Friday, May 29, 2009

Book Review: How to Believe in God (Whether You Believe in Religion or Not) by Clark Strand

I got the book through Amazon pre-order as soon as it came out then took a month to slowly absorb it rather than my usual 100-200 page a day (or more when I'm off from work) devouring of new books. I have already recommended it over a dozen times, mostly on discussion forums. I would (and have) describe(d) it as a Western Buddhist's (re)discovery of the wisdom of the Bible and Judeo-Christianity.

I am skeptical of Strand's statements in the preface playing down religion because without such tradition, the very insights he found by talking to so many people of different faiths would have been much harder to access. But I suppose that will help those who are hostile to or cynical about religion give the rest of his book a chance. He comes to many of the same conclusion lots of Buddhist converts from Western religions do when we come back to re-examine our heritage, such as the realization of a common Wisdom (confirming an all embracing ineffable Presence and our essential wholeness) that runs through the Old and New Testament in spite of the fundamenalist evangelical form of Biblical exegesis we had previously been blinded by.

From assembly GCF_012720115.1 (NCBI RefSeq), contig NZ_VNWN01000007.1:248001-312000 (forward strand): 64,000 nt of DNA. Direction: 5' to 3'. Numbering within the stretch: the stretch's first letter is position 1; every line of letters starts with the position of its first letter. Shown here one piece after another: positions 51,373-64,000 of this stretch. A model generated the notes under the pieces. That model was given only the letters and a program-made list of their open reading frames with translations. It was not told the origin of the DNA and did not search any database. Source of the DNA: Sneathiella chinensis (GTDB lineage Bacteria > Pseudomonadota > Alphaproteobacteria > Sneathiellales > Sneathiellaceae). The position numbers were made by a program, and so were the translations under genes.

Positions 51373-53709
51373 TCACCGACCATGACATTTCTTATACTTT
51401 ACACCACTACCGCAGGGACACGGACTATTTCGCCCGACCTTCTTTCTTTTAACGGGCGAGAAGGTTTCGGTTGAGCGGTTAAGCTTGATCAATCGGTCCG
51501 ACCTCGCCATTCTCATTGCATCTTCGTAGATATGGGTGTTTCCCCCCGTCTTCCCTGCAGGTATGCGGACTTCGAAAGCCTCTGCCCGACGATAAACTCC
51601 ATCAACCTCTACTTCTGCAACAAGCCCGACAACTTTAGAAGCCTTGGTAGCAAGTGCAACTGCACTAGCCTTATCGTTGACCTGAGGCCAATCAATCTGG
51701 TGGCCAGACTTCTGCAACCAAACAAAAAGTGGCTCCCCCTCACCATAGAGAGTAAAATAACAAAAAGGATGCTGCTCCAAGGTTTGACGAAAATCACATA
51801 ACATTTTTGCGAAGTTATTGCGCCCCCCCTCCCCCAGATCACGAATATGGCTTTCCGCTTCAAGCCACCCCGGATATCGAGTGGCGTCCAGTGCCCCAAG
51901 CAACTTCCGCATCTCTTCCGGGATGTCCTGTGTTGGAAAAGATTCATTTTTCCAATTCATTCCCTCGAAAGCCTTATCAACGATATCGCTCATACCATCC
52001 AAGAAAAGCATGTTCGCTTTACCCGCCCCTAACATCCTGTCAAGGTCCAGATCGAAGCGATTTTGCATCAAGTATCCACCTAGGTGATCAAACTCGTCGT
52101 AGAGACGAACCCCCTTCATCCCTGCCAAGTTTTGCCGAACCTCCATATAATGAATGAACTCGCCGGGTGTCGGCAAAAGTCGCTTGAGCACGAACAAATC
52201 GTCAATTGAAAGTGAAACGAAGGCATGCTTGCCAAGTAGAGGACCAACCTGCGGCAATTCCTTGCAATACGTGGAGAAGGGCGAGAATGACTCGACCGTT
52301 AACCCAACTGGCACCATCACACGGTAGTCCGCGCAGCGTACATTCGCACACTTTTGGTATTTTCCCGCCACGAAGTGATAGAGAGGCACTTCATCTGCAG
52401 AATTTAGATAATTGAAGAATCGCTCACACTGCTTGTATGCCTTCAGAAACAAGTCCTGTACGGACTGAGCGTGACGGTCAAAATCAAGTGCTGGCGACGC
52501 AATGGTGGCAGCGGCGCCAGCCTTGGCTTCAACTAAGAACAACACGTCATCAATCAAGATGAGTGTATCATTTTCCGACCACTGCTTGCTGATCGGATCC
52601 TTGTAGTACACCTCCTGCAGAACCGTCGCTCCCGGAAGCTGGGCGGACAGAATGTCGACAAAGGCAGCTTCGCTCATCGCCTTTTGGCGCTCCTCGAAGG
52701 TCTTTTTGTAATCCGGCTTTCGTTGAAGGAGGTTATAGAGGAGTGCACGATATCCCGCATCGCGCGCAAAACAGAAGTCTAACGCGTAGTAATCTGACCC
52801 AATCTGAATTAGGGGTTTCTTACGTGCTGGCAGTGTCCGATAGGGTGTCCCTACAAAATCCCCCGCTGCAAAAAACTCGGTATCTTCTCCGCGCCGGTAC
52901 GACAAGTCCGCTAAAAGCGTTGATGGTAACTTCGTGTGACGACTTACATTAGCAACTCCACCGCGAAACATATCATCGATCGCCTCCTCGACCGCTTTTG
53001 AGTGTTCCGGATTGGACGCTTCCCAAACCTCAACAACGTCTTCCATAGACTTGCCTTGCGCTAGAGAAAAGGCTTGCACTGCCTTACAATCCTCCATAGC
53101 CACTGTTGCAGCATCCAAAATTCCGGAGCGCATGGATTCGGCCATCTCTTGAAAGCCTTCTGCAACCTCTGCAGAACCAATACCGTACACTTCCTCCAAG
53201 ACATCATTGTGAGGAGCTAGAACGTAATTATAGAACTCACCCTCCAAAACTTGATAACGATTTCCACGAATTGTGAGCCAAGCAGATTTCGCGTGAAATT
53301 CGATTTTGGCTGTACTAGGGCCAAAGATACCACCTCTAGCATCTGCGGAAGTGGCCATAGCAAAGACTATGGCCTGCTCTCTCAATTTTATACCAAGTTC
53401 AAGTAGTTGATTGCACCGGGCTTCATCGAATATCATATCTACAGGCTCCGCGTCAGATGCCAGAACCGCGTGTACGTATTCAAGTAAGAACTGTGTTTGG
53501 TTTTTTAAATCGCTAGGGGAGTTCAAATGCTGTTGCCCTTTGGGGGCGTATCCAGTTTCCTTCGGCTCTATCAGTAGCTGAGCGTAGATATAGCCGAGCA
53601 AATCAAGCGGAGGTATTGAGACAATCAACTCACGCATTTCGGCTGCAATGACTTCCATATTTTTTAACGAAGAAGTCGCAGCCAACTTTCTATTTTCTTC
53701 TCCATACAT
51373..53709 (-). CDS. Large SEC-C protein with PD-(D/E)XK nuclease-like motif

Some chapters may require one to be familiar with Buddhism in general, and movements like Nichiren and Shin Buddhism in particular, to fully appreciate, but anyone can get the basic thrust of most chapters. Some are clear about the message Strand has received from a particular passage, and others, such as the one about dancing before the Ark of the Covenant, are more opaque and require a deeper insight on the part of the reader to appreciate. My favorites were the one about evil not having a way and the lesson of Jonah (the peril of having a "Nineveh-moment"). But some may be disappointed that the book does not include references or citations to other works.

A definite recommendation for the religiously progressive or those curious about why a Buddhist might find such inspiration from the Bible. Those who are allergic to "religion" in general and "God" or "Christianity" in particular should avoid this one, because it might wedge a crack in their comfortable prejudices.

To learn more or get this stuff straight from the worst horses's mouth*, try his blog over at Whole Earth God.

(*bad Buddhist pun)

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